What one’s water is tested for at most farms will fall into one of two categories:
· Being potable (so you can wash produce with it); you can then also use it for pesticide sprays which contact produce that may be eaten raw (e.g. tomatoes, green beans or leafy greens), or any irrigation uses.
· Not being potable. At the current time for the USDA GAPs audit, there are no specific guidelines for preharvest water usage. It is up to the producer to decide how high the levels of total coliform and E. coli CFU (colony forming units) to use, and what to do (if anything) if the producer feels the levels are too high. Pesticides mixed from non-potable water should not be applied directly to produce which may be consumed raw, but could be applied to crops like sweet corn, potato foliage, or pumpkins.
By far the least expensive and simplest way to test water is with the county health department, which has a courier service to get your water to a state lab. The cost is only $10 per sample, but they will not accept surface water sources and only test to see if it is potable. Most growers should have at least some potable water, for drinking water and for certain pesticide applications. GAPs certification will require that this water is sampled and submitted annually. Any other well water, even if only for field irrigation, could be submitted at that same time. If it passes, then that is all you need to do. It could smell like rotten eggs and be an awful color, such that you’d never drink it, but it only matters that it passes the microbial testing. What do you do if your well does not pass the potable test, or is a surface source (e.g. pond or stream)?
Unfortunately, you then need to get it tested at a lab that can provide a number count for total coliform and E. coli CFU. We have chosen to provide two labs (later in this article) which provide this service. Both ask that growers contact them to get sample bottles and instructions for submission. Since the samples need to be received the following day, one will have to express mail the sample, unless delivery is reliable within a single day by UPS for ground service.
So why even test water that you can use anyway? Because guidelines are being developed on allowable levels for irrigation water, and the USDA GAPs inspector would be able to alert a grower if their source was a possible problem. Then the grower could consider what action might be taken to reduce the microbial levels. [The Food Safety Modernization Act may eventually provide water testing guidelines, but the proposed rule has been withdrawn for revision, and water testing was one area that will likely be revised. Thus what the GAPs inspectors are currently using is the most important for now.]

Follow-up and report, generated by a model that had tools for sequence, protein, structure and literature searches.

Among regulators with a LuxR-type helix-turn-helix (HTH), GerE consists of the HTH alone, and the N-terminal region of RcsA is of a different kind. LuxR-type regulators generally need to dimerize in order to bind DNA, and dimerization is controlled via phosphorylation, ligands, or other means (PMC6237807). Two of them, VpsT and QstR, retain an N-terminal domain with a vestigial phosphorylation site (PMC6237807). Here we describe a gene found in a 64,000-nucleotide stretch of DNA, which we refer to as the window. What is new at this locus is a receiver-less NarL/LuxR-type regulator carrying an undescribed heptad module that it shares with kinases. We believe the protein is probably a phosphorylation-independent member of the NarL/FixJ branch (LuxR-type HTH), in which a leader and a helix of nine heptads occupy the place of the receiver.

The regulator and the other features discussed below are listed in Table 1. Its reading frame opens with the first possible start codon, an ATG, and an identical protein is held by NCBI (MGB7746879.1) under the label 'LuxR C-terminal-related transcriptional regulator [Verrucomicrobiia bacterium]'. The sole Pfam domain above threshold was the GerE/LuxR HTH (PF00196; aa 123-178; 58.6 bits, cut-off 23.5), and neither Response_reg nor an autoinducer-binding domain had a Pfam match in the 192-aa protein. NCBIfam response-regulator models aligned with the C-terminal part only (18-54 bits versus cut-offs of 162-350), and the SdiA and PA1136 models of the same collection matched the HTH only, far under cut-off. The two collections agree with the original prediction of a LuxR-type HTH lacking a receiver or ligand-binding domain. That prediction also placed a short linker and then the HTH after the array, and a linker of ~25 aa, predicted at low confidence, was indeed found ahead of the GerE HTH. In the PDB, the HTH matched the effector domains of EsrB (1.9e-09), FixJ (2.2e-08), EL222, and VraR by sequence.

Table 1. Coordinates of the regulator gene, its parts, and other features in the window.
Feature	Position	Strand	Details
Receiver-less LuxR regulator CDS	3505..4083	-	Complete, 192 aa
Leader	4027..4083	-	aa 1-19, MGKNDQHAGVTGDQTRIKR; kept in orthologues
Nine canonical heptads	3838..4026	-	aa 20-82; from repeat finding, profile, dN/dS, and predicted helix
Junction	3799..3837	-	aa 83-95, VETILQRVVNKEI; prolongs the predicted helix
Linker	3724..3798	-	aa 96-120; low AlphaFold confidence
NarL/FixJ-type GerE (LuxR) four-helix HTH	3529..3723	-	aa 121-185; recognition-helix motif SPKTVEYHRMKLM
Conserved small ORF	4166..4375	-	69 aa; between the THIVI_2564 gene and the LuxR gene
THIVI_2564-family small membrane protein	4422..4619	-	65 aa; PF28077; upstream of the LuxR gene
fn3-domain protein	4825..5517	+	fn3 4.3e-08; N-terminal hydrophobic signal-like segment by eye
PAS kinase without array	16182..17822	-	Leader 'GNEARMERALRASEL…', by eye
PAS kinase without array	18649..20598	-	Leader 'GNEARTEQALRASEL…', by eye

To submit water sample to a county health department, contact them directly (http://health.mo.gov/living/lpha/lphas.php). You will need to get a sampling kit from them. [Should you need their contact information, feel free to contact a nearby MU Specialist, either by phone or in writing. Our office support staff should be able to find the county health department information if we are not in the office.] This is a time-sensitive test so you need to find out when the courier leaves for the lab, and from where. Say that’s at 11 a.m. in your county. Collect the sample according to the kit’s directions, transport it back to your county health department before 10 a.m., in a cooler to keep the sample cool and away from light, so it gets on the delivery truck to the lab in Jefferson City the same day. Sample Monday through Thursday (excluding holidays), to assure the sample is tested within 24 hours.
To submit ‘non potable’ or ‘surface’ water for testing, contact a lab providing this service directly. Listed below are two which do and have good customer service. There are certainly other labs that also provide this service, but we were unable to find a comprehensive list for labs that do so, and which provide customer service expected by the general public.
· Midwest Labs (https://www.midwestlabs.com) — The cost is $20 and is called “Generic E. coli and Total Coliforms”. But they request you contact them ahead of time. They will ship you the correct sample containers and form to fill out. Phone: 402-334-7770. The test is under the ‘Environmental-microbiology’ area. Unfortunately, only NW Missouri is close enough to Midwest Labs for Ground Rate UPS to deliver to them the next day. Thus, next day shipping would have to be used for other areas of Missouri, at a significant increase in shipping cost.
· Penn State University (http://agsci.psu.edu/aasl/water-testing/drinking-water-testing) — They provide a ‘Total Coliform and E. coli’ test for $35, under Drinking Water Individual Test (Bacteria), for surface sources (but non potable well water is accepted, too). Contact their lab for a ‘Drinking Water Test Kit’. Phone: 814-863-0841.
Sampling your well or surface source:
For a well, sample as close to the well head as practical. Many county health departments provide the option where they will sample for you, at a very reasonable charge. This may be worth considering if getting to the pick-up/drop off point may be difficult. Wells need to be sampled annually.
For surface water like a pond, use the nearest point of contact which is usually where the pump lines hook up to the drip lines or out of the sprinkler nozzles. [The best water from a pond is at 18 to 36 inches below the surface. Consider this for your pump intake.] Surface water sources are often sampled quarterly, thus if one samples a pond in May, and will continue to irrigate into September, another sample should be taken again in August. However, the GAP inspector may suggest more frequent testing based on one’s results.
Samples should be kept cool; if shipping a sample, the lab should provide instructions for keeping the sample cool during transit.
Featured in the May, 2014 newsletter